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The Ekklesia: the assembling of those in Christ

Posted by on Sep 12, 2011 in blog links, definition, edification, gathering | 4 comments

The Ekklesia: the assembling of those in Christ

I enjoy reading John’s blog. His posts are always encouraging and usually stretch me in thinking about Jesus Christ. His latest post is no different: “Getting Reacquainted with the Ekklesia.”

At the beginning of the post, John explains why he has decided not to use the English term “church,” and instead to use the transliteration “ekklesia.” While I do continue to use the word “church,” I can certainly understand and appreciate his reasoning and decision.

The remainder of the post is a “fleshing” out, if you will, of the ekklesia, primarily as it refers to the body of Christ. For example, consider this excellent paragraph:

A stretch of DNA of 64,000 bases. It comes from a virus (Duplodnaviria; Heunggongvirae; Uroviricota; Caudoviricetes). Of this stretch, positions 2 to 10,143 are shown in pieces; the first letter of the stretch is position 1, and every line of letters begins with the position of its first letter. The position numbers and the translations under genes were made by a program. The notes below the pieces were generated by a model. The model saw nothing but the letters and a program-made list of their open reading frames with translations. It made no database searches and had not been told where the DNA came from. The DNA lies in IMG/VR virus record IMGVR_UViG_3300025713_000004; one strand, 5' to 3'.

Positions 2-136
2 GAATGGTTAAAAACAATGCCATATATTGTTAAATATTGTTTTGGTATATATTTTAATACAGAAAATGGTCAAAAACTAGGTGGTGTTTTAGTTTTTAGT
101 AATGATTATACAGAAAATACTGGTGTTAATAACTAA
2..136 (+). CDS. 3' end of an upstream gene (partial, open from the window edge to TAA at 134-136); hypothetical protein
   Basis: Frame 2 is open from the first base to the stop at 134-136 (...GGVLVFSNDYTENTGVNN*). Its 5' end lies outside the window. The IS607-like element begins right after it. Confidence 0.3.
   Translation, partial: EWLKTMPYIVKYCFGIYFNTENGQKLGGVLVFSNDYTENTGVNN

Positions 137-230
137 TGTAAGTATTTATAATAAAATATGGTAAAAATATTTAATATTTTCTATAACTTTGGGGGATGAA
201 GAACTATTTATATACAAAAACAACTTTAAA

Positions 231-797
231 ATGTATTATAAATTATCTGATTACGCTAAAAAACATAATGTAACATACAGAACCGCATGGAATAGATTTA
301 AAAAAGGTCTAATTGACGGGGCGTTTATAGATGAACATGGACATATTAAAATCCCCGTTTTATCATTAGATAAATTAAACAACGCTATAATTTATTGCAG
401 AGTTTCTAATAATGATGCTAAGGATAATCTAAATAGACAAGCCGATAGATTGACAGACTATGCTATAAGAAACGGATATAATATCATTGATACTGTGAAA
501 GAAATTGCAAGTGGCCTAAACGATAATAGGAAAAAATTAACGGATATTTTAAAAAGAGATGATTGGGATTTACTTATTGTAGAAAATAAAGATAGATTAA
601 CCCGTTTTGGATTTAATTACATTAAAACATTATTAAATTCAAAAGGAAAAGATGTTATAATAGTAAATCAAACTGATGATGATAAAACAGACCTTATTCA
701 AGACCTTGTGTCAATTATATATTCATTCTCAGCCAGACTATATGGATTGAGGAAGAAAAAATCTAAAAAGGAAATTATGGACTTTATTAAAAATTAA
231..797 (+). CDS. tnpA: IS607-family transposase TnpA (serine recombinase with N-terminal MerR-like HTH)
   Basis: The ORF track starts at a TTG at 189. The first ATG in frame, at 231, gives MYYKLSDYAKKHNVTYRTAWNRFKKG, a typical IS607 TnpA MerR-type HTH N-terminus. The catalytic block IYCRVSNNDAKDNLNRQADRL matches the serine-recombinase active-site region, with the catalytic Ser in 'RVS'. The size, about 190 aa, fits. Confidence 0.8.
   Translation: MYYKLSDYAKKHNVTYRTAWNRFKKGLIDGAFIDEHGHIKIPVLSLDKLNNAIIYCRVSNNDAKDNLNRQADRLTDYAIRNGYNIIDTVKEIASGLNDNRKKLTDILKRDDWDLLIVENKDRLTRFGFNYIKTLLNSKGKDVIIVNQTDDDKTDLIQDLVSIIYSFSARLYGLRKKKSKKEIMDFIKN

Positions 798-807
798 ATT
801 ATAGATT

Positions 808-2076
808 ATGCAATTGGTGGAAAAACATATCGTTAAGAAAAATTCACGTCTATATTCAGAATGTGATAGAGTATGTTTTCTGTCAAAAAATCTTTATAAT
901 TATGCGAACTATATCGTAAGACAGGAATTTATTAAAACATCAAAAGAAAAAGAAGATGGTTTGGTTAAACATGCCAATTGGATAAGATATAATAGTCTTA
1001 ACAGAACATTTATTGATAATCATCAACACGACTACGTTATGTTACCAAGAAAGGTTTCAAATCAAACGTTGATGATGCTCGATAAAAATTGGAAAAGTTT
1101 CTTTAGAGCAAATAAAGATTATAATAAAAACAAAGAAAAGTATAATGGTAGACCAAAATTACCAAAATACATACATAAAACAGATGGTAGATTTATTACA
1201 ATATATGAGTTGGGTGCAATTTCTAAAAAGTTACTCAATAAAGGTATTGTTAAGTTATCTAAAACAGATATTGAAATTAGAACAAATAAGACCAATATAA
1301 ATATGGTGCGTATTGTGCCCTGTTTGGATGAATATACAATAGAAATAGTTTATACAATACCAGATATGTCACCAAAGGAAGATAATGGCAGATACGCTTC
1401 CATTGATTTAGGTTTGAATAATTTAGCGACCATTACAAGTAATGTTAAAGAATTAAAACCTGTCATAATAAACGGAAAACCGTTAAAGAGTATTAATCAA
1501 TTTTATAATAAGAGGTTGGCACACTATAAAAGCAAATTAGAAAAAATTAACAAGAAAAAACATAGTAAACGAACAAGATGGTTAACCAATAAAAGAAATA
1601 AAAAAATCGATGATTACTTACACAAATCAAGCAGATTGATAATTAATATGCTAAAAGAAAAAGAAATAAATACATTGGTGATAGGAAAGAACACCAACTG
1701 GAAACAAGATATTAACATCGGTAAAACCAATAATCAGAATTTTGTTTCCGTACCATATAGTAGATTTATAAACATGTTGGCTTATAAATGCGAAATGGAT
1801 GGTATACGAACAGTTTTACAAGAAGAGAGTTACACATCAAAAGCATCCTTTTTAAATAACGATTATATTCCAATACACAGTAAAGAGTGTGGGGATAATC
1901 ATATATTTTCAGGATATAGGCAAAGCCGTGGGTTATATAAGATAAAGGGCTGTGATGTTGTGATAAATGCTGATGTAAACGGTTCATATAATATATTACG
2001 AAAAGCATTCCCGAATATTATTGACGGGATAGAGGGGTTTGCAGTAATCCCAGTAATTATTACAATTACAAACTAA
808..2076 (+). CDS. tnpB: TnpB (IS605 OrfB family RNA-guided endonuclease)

Another wonderful picture is given to us of this assembling of those in Christ, a picture of a body with a Head. The brothers and sisters have the living God by the Spirit dwelling in them and are “hidden with Christ in God” and not only that but Christ is now our life! (Col. 3:3-4) This body, when it gathers together with Christ as Head, is in truth assembling our Lord together. “Christ is the head of the ekklesia, his body, of which he is the Savior.” (Eph. 5:23) Every brother and sister must live by the life of Christ in the gathering, the ekklesia, in order for the fullness of the Lord to be assembled, for Christ to be made manifest in glory. He must be the Head, the Source, the King in her midst. The brothers and sisters “gather to eat” (1 Cor. 11:33) to feed on Christ, who is life. For “the Spirit gives life; the flesh counts for nothing.” (John 6:57,63) When “the whole ekklesia comes together” it is for the purpose of being “built up” to “be mutually encouraged by each other’s faith.” (1 Cor. 14:23,26; Rom. 1:12). This is following “the way of love.” (1 Cor. 14:1) It is loving one another by the life of Christ, according to the measure of the gift given to each. Each brother and sister freely functioning by the Spirit in them to one another, through one another; that is to say through Christ in them, to Christ in them, and for Christ in them. “In all of them and in everyone it is the same God at work.” (1 Cor. 12:6) So like a body which is assembled and works organically, hidden as it were, by the source of its head so to the body of Christ when it assembles functions organically by the spiritual life of Christ, its Source, its Head. And what is amazing is that the Father already sees the ekklesia already assembled with the Son as Head! The Father has already “placed all things under his feet and appointed him to be head over everything for the ekklesia, which is his body, the fullness of him who fills everything in every way.” (Eph. 1:22-23) So as the body assembles together we are in reality manifesting what the Father already sees assembled in His Son. As we assemble together may “we all reach unity in the faith and in the knowledge of the Son of God and become mature, attaining to the whole measure of the fullness of Christ.” (Eph. 4:13) Brothers and sisters the Lord has an assembled body in view not a disassembled body of believers. May we have such a view of the ekkelsia, His body.